“What we’re doing is bringing together the health, agriculture, and Environmental Protection Authority workers so we can integrate the various components,” said Teklu, and help the different government ministries communicate more effectively with one another and the community.
The results were impressive: We visited four households that had received and implemented LEM training. At each, the farmers pointed to marked improvements in their lives since the training. Thatched-roof, mud-walled huts stood next to new sturdier, steel-roofed houses, some with improved cook stoves inside, others with electricity and even TV.
One farmer, Obbo Mulugeta, told us how he’d started planting an apple seed variant from Spain he’d been given by LEM that was better suited for the climate and altitude – and worth more than his previous crop, to boot.
Other farmers echoed her praise of family planning: A female farmer who worked her plot alone said she had 12 children (one adopted) and probably would have 13-15, if not for the family planning resources provided by LEM. Another farmer, who had eight children, said the biggest change from his grandfather’s time was the shift in number of children desired. Previously, children were seen as a sign of wealth, like livestock, but now land scarcity makes this untenable, he said, and he doesn’t expect or want his children to have as many kids as he did.
LEM is also working closely with the Ministry of Education to help build on these gains. School officials glowingly recounted how they worked with LEM to encourage environment, health, and girls’ clubs at both the primary and secondary level. The kids help run a tree nursery at the school, from which seeds are distributed. Children also bring back lessons learned about climate change, sustainability, disease, and sanitation to their households.
Room to Grow
Despite the impressive results, Worku said, challenges remain. Two of the biggest limitations are financial and human capital. Skilled personnel are rare; for example, Zawde is currently the village’s only the health extension worker because her partner is on maternity leave and no replacement was sent. This challenge is compounded by the fact that most villagers will not come to the clinic for treatment; she has to go house-to-house to visit patients.
Though the population, health, and environment model works well in Grar Gaber, there is a great deal of room to grow across Ethiopia. LEM is working in three woredas (districts) and other members of the PHE consortium are working in 26 more – but there almost 500 woredas across the country.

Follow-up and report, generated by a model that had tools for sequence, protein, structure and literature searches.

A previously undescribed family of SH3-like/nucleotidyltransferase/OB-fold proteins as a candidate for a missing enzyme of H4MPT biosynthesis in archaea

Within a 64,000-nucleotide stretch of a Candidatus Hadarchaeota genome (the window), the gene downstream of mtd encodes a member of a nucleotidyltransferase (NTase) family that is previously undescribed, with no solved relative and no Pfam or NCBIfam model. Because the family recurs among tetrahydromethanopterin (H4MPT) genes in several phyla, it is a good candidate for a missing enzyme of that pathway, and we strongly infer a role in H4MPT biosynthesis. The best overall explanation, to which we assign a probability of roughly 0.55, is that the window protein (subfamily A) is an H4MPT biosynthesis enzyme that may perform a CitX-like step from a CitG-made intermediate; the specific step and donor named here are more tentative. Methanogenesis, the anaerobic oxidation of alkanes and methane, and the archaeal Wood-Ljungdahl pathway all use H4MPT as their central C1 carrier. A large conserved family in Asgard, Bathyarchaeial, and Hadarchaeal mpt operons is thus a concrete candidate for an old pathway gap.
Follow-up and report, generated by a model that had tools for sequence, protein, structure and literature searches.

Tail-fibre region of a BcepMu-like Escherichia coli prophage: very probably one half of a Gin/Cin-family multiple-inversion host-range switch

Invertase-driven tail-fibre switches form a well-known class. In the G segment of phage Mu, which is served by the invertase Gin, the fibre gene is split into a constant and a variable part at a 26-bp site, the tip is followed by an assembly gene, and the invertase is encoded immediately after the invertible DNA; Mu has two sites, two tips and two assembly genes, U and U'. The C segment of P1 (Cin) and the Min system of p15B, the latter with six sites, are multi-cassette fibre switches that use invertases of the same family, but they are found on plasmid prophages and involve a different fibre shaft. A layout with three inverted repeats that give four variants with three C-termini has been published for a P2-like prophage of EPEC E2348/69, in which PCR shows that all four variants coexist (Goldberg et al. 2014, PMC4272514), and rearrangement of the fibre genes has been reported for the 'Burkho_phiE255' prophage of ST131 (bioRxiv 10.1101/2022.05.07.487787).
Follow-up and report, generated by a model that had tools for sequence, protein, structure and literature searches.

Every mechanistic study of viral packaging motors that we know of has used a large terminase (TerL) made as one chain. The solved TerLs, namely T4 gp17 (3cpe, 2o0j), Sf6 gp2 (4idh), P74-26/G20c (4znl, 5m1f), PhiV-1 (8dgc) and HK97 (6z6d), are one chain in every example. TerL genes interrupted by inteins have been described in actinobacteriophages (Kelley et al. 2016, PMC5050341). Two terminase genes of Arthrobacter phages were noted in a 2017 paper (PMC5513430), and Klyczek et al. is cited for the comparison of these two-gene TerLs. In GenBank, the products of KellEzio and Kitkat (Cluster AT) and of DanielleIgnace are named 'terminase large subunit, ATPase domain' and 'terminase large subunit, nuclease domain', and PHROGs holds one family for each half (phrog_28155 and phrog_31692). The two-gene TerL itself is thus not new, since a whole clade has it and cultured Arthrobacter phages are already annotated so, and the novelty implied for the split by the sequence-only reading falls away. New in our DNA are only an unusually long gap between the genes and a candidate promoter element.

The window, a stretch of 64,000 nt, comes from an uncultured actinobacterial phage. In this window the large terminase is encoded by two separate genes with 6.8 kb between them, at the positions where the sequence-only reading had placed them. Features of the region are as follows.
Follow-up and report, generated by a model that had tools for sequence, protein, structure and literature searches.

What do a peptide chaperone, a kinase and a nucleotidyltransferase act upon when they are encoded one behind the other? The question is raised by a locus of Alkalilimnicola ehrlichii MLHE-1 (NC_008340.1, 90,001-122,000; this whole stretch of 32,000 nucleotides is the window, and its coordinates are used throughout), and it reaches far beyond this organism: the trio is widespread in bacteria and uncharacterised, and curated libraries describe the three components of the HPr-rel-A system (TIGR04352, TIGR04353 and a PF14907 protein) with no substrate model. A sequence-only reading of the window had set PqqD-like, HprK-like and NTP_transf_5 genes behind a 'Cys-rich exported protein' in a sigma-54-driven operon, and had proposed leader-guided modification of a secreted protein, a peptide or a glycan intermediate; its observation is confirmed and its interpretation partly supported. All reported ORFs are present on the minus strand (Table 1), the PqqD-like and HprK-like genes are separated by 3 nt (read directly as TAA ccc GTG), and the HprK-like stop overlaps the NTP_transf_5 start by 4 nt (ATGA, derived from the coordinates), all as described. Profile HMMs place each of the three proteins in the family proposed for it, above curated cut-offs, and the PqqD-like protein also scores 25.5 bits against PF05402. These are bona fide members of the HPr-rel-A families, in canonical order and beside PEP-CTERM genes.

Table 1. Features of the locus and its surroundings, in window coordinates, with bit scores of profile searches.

The role of LEM Ethiopia and other NGOs in the PHE Ethiopia Consortium is to “take the facilitation role,” said Worku. “We have to influence the decision-makers” in order to bring the benefits of the integrated approach to more communities.
See all of New Security Beat’s coverage of the 5th annual general assembly of the PHE Ethiopia Consortium.
Sources: PHE Ethiopia Consortium.
Photo Credit: Schuyler Null/Wilson Center.
›March 23, 2011 // By Christina DaggettThe Middle East/North Africa region is experiencing a “youth surge,” said Jack Goldstone, director of the George Mason University’s Center for Global Policy, at a recent GMU event. “In the last two decades the number of people in their late teens and twenties has increased… It’s doubled in Egypt; it’s grown by half in Tunisia; and nearly doubled in Libya,” he told Warren Olney on KCRW’s To the Point.Such youth surges are problematic because, Goldstone wrote in ECSP Report 13, “population distortions – in which populations grow too young, or too fast, or too urbanized – make it difficult for prevailing economic and administrative institutions to maintain stable socialization and labor-force absorption.”
In the case of Egypt, the youth surge put enormous pressure on a government system that could no longer guarantee jobs to every college graduate, said Goldstone. When government guarantees dried up, graduates found that their poor-quality degrees were of little use, especially in a system that prioritized connections and bribery. The result was an unemployment rate of 25 percent among Egyptian youth and a mounting sense of frustration with the economic system and the government.
This frustration found a symbol when Mohammed Bouazizi, a 26-year-old Tunisian, set himself – and an entire region – on fire after his third run-in with the police cut off his only source of income. Youth across North Africa and the Middle East, Goldstone said, could identify with Bouazizi’s desperation and frustration after years of dealing with a closed economic system and a corrupt government.